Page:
As shown in FIGS. 5 and 6, the injector apparatus 80 may further comprise a solenoid 120 operatively connected to the sensor 34 (FIGS. 1-3) via a solenoid driver 121 (FIGS. 1-2) and to the needle stem 94. The solenoid driver 121 may be of the type conventionally known in the art, such as driver #LST-22-DV manufactured by Sencon, Inc., of Bedford Park, Ill. As best shown in FIG. 6, the solenoid 120 may comprise a solenoid coil 122, a coil housing 123, an armature 124 preferably manufactured from stainless steel or iron, a housing 126 comprising an armature back stop 128, and an armature forward stop 130. The solenoid coil 122 may be a conventional, high-performance, quick-responding solenoid coil such as Skinner solenoid coil #L322 manufactured by Parker Hannifin Corporation of Cleveland, Ohio. The housings 123, 126 may be manufactured from stainless steel.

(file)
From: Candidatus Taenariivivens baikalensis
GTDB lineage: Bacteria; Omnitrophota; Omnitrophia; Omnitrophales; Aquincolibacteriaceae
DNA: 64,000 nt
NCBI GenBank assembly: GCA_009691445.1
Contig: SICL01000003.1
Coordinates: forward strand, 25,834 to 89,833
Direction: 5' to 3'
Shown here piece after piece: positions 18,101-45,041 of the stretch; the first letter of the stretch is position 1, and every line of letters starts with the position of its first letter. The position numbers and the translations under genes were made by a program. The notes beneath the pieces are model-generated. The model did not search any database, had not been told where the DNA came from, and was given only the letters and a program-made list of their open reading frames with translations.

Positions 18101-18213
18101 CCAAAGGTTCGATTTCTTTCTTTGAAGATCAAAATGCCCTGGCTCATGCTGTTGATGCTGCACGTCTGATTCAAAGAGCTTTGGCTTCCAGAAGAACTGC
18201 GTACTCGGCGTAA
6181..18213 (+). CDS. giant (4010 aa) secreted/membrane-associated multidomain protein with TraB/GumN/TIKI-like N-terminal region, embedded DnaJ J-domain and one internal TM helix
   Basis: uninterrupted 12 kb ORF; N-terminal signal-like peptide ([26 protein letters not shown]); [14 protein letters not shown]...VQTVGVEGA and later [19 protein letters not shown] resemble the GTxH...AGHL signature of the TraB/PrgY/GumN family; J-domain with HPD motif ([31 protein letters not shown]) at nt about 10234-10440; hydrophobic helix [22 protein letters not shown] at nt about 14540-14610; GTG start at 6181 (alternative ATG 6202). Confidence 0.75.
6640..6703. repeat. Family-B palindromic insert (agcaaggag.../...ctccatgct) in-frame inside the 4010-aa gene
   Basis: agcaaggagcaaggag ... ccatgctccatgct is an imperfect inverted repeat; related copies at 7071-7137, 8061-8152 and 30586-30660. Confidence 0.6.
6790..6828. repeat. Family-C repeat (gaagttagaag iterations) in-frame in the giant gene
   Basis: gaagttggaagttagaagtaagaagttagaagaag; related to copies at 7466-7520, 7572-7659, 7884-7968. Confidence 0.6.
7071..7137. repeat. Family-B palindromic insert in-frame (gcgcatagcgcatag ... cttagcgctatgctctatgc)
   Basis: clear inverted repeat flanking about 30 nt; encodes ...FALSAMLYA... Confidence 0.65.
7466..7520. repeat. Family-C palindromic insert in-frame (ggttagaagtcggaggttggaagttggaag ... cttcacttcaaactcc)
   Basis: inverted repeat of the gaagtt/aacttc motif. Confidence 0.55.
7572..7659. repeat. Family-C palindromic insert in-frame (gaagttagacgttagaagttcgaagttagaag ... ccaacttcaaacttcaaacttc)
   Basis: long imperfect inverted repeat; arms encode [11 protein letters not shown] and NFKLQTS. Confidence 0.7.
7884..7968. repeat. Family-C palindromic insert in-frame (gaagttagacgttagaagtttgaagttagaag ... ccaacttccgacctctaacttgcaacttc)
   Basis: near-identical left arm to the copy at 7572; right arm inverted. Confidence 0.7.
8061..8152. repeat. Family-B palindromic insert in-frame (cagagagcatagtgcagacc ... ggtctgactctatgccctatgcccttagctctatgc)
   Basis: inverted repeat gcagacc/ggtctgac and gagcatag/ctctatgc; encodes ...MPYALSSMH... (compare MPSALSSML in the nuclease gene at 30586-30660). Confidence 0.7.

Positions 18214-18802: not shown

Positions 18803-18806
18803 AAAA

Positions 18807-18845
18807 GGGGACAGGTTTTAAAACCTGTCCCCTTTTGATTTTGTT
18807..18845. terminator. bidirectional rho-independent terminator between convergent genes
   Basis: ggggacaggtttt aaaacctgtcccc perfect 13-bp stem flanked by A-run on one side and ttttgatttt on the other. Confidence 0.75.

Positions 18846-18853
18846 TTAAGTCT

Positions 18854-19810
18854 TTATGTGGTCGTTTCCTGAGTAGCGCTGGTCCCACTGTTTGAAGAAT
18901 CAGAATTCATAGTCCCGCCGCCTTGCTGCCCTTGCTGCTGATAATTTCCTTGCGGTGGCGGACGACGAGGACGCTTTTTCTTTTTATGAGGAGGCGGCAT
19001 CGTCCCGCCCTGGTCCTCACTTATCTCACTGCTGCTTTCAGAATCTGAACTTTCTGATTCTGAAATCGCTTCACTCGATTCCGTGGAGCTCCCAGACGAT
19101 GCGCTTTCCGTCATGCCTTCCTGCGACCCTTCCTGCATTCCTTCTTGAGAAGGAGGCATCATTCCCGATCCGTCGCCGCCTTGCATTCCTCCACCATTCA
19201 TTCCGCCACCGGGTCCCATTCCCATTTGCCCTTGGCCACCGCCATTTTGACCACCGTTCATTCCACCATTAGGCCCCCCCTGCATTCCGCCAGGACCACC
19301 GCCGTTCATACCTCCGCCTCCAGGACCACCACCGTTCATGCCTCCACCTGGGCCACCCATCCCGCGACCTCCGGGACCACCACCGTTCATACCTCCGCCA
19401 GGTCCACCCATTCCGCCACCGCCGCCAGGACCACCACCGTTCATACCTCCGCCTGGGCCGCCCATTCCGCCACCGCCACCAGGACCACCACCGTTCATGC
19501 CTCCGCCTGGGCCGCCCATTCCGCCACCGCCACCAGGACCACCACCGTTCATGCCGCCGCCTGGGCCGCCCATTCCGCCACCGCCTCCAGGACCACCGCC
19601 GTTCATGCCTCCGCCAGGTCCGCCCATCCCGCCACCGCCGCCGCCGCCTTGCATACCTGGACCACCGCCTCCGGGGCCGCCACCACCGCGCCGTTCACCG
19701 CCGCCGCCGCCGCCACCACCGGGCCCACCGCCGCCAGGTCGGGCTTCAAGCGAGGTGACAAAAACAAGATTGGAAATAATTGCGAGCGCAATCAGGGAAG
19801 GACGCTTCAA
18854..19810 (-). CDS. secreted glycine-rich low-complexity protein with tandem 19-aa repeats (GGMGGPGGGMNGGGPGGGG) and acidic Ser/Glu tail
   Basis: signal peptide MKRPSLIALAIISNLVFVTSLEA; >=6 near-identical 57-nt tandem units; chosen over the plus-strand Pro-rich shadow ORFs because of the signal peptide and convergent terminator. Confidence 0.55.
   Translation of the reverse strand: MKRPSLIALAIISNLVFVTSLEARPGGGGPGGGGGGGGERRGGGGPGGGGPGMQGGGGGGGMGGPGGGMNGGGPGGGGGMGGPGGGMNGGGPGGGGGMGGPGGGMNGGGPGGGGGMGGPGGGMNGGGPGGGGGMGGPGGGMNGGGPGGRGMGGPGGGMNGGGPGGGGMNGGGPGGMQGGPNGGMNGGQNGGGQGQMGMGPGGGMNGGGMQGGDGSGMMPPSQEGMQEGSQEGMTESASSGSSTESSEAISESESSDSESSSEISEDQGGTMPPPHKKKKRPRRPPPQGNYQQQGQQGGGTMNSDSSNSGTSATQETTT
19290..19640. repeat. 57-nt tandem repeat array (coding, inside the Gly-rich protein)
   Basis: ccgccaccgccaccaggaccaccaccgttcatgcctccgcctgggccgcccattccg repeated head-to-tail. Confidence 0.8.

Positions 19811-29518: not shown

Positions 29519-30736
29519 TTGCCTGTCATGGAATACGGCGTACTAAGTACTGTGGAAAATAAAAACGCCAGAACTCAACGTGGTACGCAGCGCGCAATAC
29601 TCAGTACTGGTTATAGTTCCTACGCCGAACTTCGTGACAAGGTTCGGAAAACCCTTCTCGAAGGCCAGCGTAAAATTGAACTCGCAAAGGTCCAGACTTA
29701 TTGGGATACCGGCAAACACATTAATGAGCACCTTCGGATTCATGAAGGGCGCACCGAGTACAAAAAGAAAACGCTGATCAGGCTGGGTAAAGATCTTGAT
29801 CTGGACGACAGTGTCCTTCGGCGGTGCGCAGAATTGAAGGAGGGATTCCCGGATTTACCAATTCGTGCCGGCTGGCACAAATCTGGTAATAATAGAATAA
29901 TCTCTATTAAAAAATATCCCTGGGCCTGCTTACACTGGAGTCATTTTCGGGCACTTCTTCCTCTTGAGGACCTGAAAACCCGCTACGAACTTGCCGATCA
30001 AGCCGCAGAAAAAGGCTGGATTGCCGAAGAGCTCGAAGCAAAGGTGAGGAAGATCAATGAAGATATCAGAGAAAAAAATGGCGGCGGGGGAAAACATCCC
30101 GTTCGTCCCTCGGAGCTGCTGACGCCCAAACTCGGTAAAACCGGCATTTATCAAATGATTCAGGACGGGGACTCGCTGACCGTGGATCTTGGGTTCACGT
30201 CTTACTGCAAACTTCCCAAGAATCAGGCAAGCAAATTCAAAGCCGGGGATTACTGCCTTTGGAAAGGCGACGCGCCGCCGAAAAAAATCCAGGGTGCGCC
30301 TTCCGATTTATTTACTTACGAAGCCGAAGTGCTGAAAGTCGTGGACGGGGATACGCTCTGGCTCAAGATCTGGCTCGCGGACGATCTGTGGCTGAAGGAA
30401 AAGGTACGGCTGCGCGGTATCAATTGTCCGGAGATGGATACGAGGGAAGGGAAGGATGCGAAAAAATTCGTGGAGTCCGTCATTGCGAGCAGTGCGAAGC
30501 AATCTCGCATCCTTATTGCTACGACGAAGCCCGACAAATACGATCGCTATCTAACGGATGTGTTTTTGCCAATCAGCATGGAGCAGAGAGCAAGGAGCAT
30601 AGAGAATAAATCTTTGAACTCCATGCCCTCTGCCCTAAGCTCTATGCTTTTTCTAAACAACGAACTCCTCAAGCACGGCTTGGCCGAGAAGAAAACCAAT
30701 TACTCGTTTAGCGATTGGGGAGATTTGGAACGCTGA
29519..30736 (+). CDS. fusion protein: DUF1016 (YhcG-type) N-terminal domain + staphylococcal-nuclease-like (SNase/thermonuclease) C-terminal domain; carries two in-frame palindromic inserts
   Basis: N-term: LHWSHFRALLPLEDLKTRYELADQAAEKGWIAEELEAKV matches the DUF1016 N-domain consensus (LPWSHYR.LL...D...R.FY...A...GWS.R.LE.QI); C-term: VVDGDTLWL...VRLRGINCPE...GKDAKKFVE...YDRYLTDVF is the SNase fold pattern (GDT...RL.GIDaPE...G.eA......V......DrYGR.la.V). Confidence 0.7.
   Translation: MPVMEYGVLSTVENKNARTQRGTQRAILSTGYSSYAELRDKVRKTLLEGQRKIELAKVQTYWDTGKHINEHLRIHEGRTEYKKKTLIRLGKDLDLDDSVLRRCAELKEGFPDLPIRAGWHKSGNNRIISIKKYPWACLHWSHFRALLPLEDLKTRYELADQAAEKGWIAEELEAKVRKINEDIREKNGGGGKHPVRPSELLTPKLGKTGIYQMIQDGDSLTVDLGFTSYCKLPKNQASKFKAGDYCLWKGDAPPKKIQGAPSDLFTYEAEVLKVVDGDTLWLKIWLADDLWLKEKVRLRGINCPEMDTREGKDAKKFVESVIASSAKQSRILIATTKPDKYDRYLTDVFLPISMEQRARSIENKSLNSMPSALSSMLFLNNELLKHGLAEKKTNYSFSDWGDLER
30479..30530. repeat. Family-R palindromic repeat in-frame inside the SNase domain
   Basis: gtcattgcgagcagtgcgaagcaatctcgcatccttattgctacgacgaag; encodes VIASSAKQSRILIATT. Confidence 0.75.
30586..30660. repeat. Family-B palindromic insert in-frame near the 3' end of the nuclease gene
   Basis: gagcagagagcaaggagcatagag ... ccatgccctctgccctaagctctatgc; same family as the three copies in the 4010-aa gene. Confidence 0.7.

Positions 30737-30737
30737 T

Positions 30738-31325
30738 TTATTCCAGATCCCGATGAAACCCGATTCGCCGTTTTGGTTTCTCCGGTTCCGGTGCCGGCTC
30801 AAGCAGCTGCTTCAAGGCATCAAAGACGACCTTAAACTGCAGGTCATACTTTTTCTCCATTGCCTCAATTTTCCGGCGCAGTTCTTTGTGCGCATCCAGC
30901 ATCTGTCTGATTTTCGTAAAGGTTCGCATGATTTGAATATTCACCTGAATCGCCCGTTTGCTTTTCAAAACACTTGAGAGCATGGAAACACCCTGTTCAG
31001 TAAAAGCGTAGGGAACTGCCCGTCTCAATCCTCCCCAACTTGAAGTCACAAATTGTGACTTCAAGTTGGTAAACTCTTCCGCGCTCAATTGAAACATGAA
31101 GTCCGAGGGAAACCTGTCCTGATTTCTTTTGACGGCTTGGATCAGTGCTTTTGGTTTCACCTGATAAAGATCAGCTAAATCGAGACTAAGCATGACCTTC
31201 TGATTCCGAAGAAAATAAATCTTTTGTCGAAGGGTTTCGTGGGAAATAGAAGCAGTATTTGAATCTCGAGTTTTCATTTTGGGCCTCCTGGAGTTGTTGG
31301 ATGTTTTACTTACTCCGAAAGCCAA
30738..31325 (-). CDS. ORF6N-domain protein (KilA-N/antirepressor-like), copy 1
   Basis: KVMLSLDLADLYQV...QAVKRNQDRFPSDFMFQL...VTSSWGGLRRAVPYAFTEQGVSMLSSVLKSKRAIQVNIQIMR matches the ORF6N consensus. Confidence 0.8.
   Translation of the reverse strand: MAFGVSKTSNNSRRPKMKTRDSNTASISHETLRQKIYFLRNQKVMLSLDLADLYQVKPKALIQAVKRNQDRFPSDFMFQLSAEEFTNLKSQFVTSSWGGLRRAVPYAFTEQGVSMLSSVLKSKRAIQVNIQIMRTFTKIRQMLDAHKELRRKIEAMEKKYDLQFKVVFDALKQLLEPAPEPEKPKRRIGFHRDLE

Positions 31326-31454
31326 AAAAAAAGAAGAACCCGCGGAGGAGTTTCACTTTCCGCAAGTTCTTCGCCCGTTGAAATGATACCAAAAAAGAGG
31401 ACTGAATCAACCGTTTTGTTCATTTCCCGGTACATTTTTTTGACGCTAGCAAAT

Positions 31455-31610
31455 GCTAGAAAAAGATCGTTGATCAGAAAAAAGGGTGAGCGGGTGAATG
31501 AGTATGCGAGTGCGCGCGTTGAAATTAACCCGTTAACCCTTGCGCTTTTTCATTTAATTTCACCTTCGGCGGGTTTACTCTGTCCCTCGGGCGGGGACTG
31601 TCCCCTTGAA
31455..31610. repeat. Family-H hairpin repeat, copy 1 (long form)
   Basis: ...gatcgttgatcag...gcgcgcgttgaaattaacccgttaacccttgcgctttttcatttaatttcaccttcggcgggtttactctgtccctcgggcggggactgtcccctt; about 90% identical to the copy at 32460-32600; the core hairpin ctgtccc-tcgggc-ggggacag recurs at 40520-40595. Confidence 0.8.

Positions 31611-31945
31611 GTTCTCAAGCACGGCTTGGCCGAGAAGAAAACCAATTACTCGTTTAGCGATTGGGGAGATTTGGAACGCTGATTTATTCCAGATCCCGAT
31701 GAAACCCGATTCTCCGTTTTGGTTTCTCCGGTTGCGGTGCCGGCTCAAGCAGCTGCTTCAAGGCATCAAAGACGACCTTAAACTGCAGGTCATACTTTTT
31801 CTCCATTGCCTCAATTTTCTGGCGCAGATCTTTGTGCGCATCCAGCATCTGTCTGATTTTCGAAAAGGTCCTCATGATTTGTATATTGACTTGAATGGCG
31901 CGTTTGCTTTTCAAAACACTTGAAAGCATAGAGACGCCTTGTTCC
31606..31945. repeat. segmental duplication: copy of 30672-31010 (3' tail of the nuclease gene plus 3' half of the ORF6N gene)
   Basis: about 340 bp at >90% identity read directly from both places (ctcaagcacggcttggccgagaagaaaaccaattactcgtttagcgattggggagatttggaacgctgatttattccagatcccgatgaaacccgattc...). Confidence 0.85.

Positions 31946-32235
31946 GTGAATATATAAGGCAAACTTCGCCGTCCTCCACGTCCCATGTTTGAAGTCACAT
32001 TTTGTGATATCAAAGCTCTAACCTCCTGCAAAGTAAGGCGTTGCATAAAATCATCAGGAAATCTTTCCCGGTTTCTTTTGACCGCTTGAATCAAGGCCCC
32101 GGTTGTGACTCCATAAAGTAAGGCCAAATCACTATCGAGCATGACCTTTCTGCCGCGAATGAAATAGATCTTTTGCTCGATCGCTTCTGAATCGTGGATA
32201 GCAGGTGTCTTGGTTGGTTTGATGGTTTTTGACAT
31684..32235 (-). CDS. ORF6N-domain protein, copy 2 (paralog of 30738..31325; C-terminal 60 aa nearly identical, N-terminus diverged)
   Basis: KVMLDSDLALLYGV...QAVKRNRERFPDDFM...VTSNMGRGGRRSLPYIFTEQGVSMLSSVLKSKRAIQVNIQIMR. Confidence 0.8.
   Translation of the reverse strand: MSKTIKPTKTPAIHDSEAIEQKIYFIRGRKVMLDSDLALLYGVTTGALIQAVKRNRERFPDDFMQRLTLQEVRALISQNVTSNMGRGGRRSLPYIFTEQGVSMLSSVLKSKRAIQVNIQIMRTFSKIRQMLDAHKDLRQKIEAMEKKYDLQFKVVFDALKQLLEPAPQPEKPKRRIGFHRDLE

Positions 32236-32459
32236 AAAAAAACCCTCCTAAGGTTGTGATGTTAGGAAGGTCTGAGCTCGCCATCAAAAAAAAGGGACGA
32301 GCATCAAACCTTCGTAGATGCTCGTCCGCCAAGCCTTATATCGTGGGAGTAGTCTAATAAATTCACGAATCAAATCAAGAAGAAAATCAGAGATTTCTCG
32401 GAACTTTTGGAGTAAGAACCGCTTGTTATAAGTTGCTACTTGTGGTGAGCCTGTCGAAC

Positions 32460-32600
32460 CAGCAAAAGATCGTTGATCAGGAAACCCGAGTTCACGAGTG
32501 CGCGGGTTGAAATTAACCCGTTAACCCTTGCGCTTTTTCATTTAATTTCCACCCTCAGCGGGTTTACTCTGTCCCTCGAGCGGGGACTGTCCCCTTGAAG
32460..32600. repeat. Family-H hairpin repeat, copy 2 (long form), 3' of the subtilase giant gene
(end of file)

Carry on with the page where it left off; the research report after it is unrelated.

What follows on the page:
The armature 124 is attached to the needle stem 94 in a manner which causes the needle stem 94 to travel with the armature 124. Specifically, the needle stem 94 may comprise a flange 132 which engages a first flange 134 in the armature 124. When the sensor 34 (FIGS. 1-3) sends a signal to the solenoid 120, the coil 122 is energized for a predetermined amount of time “t” which may be set on the solenoid driver 121 (FIGS. 1-2) and which correlates to the desired amount of liquefied gas 12 to be injected into a container 14. In a high-speed filling operation, the predetermined amount of time “t” set on the solenoid driver 121 may be approximately 10-20 milliseconds. When the coil 122 is energized, a magnetic force is created, causing the armature 124 to travel in an upward direction 140 until a second flange 136 on the armature 124 reaches the back stop 128 in the housing 126. Since the needle stem 94 is connected to the armature 124 as noted above, this upward action by the armature 124 pulls the needle stem 94 away from the valve seat 110 and allows liquefied gas 12 to flow out of the outflow line 114. The injector apparatus 80 is then in the “open” operating state (FIGS. 5 and 6). A biasing device 138 such as a spring may be positioned adjacent to the second end 98 of the needle stem 94 to bias the first end 96 of the needle stem 94 toward the valve seat 110. Thus, when the coil 122 is no longer energized (i.e., when a predetermined amount of liquefied gas 12 has exited the outflow line 114 into a container 14), the needle stem 94 is pushed by the biasing device 138 in a downward direction 142 toward the valve seat 110 such that the needle stem 94 blocks the outflow line 114 from receiving liquefied gas 12. As the needle stem 94 moves downwardly 142, the armature 124 is urged toward the forward stop 130, and the injector apparatus 80 is then in the “closed” operating state (FIG. 7).